In the Upper Valley, where rents are among the highest in the state, the dynamic has forced major players like Dartmouth-Hitchcock to muscle their way into the housing market. The way Duncan tells it, the hospital system has tried everything. Every year, the hospital hires around 975 external employees, and every year 400 to 500 of them need housing. But because about 75 percent make between $40,000 and $70,000 a year, affordable housing is difficult to find.
Median rents in the region start at around $1,900 a month. At that rate, a nurse or technician making $40,000 would need to devote 57 percent of their paychecks to rent — far more than the 30 percent recommended upper limit. If that same employee wanted an apartment that did meet the 30 percent threshold, they would need the rent to be about $1,000 a month — a near impossibility, Duncan said.
And with 98 percent of apartments occupied in the area, there aren’t a lot of opportunities to comparison shop. The problem has compounded the acute shortage of health care workers nationally, a long-running issue exacerbated by the pandemic.
“Anybody that has a health-care degree or skills is being furiously recruited, anywhere,” Duncan said.
The workforce housing shortage is just one of a number of forces pressing on the region’s housing market, said Julia Griffin, the Hanover town manager.
Throughout the pandemic, Lebanon and its surrounding area became one of the top destinations in the country for people looking to escape urban life and buy new homes. In April, Lebanon was the metro area with the seventh biggest increase in net in-migration in the United States, according to a New York Times analysis of U.S. Postal Service data.
Meanwhile, attendance at Dartmouth College has swelled, and housing availability for graduate students and undergraduates has become equally difficult to find. The effect: Students who could be housed in new dormitories at the college are instead taking apartments that might have been filled by hospital employees and tech workers. And affluent buyers continue to use cash purchases to snap up homes, sometimes with no interest in inspections or even visits.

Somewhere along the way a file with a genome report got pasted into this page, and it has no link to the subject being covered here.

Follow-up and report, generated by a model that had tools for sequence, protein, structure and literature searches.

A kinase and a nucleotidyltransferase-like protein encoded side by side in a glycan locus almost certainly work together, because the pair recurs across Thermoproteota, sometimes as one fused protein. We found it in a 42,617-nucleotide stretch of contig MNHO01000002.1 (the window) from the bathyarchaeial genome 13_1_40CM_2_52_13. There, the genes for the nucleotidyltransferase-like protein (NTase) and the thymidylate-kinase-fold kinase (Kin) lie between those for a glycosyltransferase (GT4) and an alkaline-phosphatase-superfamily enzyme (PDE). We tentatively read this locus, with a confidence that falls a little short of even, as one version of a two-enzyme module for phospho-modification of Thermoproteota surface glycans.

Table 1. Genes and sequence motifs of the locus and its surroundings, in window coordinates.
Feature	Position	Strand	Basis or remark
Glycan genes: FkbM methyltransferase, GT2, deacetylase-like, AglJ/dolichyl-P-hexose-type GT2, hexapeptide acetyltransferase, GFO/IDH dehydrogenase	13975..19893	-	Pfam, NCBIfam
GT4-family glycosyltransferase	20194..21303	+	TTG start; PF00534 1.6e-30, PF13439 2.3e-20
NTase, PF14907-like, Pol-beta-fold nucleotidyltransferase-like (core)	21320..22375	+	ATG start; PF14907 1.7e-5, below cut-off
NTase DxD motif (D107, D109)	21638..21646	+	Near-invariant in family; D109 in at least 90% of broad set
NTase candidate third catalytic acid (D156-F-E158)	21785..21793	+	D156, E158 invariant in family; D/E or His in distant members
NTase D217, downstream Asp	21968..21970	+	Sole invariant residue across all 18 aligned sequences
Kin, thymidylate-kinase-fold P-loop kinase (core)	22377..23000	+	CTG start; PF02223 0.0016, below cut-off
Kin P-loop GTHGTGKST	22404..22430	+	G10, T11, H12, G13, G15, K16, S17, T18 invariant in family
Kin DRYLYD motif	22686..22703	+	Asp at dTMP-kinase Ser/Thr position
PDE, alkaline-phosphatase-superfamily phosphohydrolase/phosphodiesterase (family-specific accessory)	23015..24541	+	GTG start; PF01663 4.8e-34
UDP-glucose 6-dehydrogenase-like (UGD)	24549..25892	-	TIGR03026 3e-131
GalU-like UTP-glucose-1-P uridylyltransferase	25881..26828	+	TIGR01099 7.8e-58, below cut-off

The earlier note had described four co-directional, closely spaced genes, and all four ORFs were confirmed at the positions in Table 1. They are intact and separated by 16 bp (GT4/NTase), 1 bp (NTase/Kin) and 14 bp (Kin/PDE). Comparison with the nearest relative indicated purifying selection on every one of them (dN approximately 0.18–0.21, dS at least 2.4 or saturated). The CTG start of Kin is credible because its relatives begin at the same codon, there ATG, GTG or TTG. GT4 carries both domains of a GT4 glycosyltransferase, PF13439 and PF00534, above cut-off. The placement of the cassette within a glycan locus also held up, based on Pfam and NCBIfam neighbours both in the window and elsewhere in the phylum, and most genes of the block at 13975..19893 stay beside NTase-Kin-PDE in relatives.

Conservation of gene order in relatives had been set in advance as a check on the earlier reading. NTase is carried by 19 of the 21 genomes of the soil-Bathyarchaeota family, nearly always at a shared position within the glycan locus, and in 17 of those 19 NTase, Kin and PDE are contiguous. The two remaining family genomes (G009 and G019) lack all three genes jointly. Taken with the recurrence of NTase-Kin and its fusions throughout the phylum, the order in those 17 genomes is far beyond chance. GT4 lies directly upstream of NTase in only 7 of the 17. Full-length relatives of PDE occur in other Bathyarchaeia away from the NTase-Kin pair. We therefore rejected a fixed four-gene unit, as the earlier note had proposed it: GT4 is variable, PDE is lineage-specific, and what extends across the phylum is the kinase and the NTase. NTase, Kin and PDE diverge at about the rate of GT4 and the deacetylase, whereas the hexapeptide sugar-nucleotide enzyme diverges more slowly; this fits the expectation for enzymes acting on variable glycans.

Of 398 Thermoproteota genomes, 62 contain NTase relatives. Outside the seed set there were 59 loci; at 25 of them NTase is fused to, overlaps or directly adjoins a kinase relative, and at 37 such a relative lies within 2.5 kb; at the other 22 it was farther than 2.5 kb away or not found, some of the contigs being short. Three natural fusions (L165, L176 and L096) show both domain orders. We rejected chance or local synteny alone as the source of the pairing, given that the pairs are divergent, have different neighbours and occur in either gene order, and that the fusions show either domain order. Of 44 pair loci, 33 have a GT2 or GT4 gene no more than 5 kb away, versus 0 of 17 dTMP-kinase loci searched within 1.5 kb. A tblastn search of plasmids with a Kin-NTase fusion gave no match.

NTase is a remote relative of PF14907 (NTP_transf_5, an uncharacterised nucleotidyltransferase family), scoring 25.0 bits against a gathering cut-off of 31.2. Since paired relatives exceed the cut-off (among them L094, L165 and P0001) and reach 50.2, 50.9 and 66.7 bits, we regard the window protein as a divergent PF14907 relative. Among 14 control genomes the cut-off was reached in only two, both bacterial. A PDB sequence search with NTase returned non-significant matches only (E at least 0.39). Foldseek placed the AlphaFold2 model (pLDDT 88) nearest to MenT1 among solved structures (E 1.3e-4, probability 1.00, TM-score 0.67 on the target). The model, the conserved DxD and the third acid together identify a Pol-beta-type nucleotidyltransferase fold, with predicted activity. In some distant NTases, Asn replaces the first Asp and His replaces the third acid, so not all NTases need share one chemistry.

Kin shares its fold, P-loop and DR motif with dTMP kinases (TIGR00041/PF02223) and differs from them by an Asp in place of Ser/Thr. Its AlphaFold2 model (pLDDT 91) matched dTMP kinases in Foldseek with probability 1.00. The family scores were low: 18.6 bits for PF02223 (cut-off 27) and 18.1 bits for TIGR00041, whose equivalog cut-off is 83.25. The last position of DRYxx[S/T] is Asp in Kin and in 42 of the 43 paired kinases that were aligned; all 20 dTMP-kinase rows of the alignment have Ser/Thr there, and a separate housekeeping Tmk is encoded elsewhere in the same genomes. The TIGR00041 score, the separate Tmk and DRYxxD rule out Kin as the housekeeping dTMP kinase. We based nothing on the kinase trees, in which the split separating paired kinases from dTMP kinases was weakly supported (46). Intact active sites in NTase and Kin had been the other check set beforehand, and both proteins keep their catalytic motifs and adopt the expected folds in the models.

“A shortage of units is a shortage of units, and at the end of the day it doesn’t really matter who’s short,” Griffin says. “You just know you’re short a whole bunch of housing units and the market doesn’t work very well as a result.”
Add to that a sobering long-term picture: New Hampshire and Vermont’s Upper Valley must build around 10,000 new homes between now and 2030 in order to meet the region’s workforce needs and stabilize the housing and rental economy, Griffin says. That’s according to a report from a commission of New Hampshire and Vermont regional planning experts known as the “Keys to the Valley.” From 2011 to 2020, the region added only 4,000 new units, the report noted.
A solution to the housing development problem is not going to happen overnight, stakeholders say. Until it does, employers are locked in frenzied competition.